© 2019 - International Centre for Investigative Reporting
Oil-rich Delta State owes 36 months pension arrears, number one in Nigeria
PENSIONERS in Delta State has not been paid their entitlements for three years, according to a recent survey published by BudgIT, a civil society organisation that analyses and simplifies Nigeria’s budget for easier understanding by ordinary citizens.
The survey, which tracked the level of indebtedness of all the states of the federation in terms of unpaid salary and pension arrears, showed that Delta State owes its pensioners a total of 36 months arrears.
This means that pensioners in Delta State have not been paid since Ifeanyi Okowa took over as the governor of the state in May 2015. Okowa is currently campaigning for a second term in office come 2019 general elections.
In 2017, Delta State collected the highest amount in federal allocations, less than only Akwa Ibom and Rivers states. But while Rivers owes no salary or pension arrears, Akwa Ibom pensioners are yet to be paid in the last 12 months.
On how it arrived at the figures, BudgIT told The ICIR that “the survey was conducted through a questionnaire by our Project tracking officers in all the 36 states. This questionnaire was given to workers across these categories to fill,” said BudgIT’s online assistant whose name was given simply as Olaniyi.
Attempts by The ICIR to hear from an official of the Delta State government was unsuccessful as phone numbers gotten from the state’s website were switched off and an e-mail sent to an address on the website, [email protected], is yet to be replied as at the time of this report.
The story is also similar in Imo State, where the Rochas Okorocha-led administration owes pensioners 34 months arrears. This is in addition to the two-month salary arrears being owed school teachers as well as hospital workers in the state.
Like Delta, Imo State is also an oil-producing State, albeit on a smaller scale, yet pensioners continue to groan under the severe hardship brought upon them as a result of non-payment of their entitlements.
Okorocha, the Imo State governor, whose second tenure ends by May 2019, is aiming to go to the Senate, and has already ‘anointed’ his son-in-law, Uche Nwosu, to replace him as governor.
Another oil-producing state, Abia, ranks third on the list of state governments owing pension arrears. The state is yet to pay its pensioners for the past one and a half years (18 months).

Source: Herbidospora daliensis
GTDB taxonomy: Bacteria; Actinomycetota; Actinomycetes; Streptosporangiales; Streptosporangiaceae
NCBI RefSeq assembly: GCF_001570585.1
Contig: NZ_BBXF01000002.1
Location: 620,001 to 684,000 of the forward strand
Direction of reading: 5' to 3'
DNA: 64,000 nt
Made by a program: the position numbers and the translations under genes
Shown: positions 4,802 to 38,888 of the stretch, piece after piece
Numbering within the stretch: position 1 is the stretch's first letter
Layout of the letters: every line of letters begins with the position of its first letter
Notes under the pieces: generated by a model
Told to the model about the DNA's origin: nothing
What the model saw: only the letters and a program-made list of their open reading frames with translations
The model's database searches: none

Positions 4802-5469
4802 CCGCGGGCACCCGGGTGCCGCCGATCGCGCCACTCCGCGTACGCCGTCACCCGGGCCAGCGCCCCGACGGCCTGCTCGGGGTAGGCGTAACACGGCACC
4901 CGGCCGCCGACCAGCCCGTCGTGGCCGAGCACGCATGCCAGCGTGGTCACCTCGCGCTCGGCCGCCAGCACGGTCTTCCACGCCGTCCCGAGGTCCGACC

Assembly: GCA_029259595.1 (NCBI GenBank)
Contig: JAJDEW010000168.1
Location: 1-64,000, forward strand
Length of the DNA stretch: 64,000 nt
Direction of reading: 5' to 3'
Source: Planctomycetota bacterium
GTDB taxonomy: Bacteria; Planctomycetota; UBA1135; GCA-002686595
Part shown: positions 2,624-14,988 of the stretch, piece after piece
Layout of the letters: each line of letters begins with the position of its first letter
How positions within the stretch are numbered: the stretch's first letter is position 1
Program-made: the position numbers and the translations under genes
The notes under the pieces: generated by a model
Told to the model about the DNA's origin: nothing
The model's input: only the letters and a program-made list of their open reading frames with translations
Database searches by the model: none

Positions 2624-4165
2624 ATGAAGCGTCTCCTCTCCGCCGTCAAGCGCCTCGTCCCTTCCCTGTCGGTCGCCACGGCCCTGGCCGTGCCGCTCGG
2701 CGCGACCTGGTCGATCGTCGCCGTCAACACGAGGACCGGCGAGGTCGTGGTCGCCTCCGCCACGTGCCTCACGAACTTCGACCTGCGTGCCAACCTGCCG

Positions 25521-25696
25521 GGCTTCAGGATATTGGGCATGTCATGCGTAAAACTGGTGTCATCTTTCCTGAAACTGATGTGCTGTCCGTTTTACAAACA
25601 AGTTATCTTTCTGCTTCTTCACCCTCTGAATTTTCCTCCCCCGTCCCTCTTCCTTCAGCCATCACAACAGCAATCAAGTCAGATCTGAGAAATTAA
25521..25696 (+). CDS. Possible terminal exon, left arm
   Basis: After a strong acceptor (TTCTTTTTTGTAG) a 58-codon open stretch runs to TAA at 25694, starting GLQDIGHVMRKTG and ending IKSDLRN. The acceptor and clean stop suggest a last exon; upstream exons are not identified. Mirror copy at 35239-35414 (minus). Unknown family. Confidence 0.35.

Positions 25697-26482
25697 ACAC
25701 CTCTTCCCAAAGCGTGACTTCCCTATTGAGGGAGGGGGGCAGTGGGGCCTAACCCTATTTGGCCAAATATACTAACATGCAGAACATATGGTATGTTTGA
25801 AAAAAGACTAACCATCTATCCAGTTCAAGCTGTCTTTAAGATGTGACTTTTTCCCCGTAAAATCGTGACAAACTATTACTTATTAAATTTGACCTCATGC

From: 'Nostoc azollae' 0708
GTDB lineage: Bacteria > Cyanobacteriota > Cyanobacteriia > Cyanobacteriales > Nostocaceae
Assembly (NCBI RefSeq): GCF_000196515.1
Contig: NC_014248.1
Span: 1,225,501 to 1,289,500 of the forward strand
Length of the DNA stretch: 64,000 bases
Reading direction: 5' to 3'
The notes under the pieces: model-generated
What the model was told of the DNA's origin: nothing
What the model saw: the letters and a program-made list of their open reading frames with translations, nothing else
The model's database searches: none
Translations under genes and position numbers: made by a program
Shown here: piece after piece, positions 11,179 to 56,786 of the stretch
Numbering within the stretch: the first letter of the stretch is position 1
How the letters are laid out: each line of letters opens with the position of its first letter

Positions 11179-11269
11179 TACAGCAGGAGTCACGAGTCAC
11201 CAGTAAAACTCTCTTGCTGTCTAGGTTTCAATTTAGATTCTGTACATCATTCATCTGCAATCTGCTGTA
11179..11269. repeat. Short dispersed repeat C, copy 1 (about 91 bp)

Crisis-ridden Plateau State in the North Central region of Nigeria, comes fourth, with the state’s pensioners yet to be paid in the last 16 months. Osun State government owes 15 months pension arrears, Adamawa 13, while Akwa Ibom and Benue are tied in sixth position with 12 months arrears being owed pensioners in the states.
Bayelsa State, another oil-rich region, owes pensioners seven-month arrears.
Surprisingly, several states in Northern Nigeria, that are considered “poor” in terms of federal allocation and Internally Generated Revenue (IGR), have a clean bill of health in terms of salary and pension payments.
Gombe, Jigawa, Nasarawa, Sokoto, Kebbi, Yobe, Katsina, Kaduna, Kano, and Niger States, are owing zero amount in salaries and pension benefits. While states like Borno, Zamfara, Taraba, and Kogi are owing pensioners just two months arrears.
Also surprising is Ebonyi State which is considered the poorest state in South Eastern Nigeria, but owes no salary or pension arrears to its workers.
According to the same survey by BudgIT, Osun tops the list of states owing workers’ salary arrears with 15 months unpaid salaries. It is closely followed by Kogi, 13 months, and Benue, 11 months.
Abia State also owes its workers five months salary arrears, same as Ekiti state; Kwara and Zamfara States – 4 months each, Bayelsa – three and a half months, Imo and Adamawa – two months each, and Ondo and Oyo States – one month apiece.
In two tranches, the federal government had released funds to States from the Paris Club refund, with President Muhammadu Buhari urging governors to prioritise payment of workers’ salaries and retiree’s benefits. Also, some of the heavily indebted states had received bailout funds from the federal government to enable them to clear their debts, but in spite of all these measures, workers across several states remain unpaid.
The Ministry of Finance has said that only states which are able to show proof of non-indebtedness to workers and retirees will benefit from the final tranche of the Paris Club refund.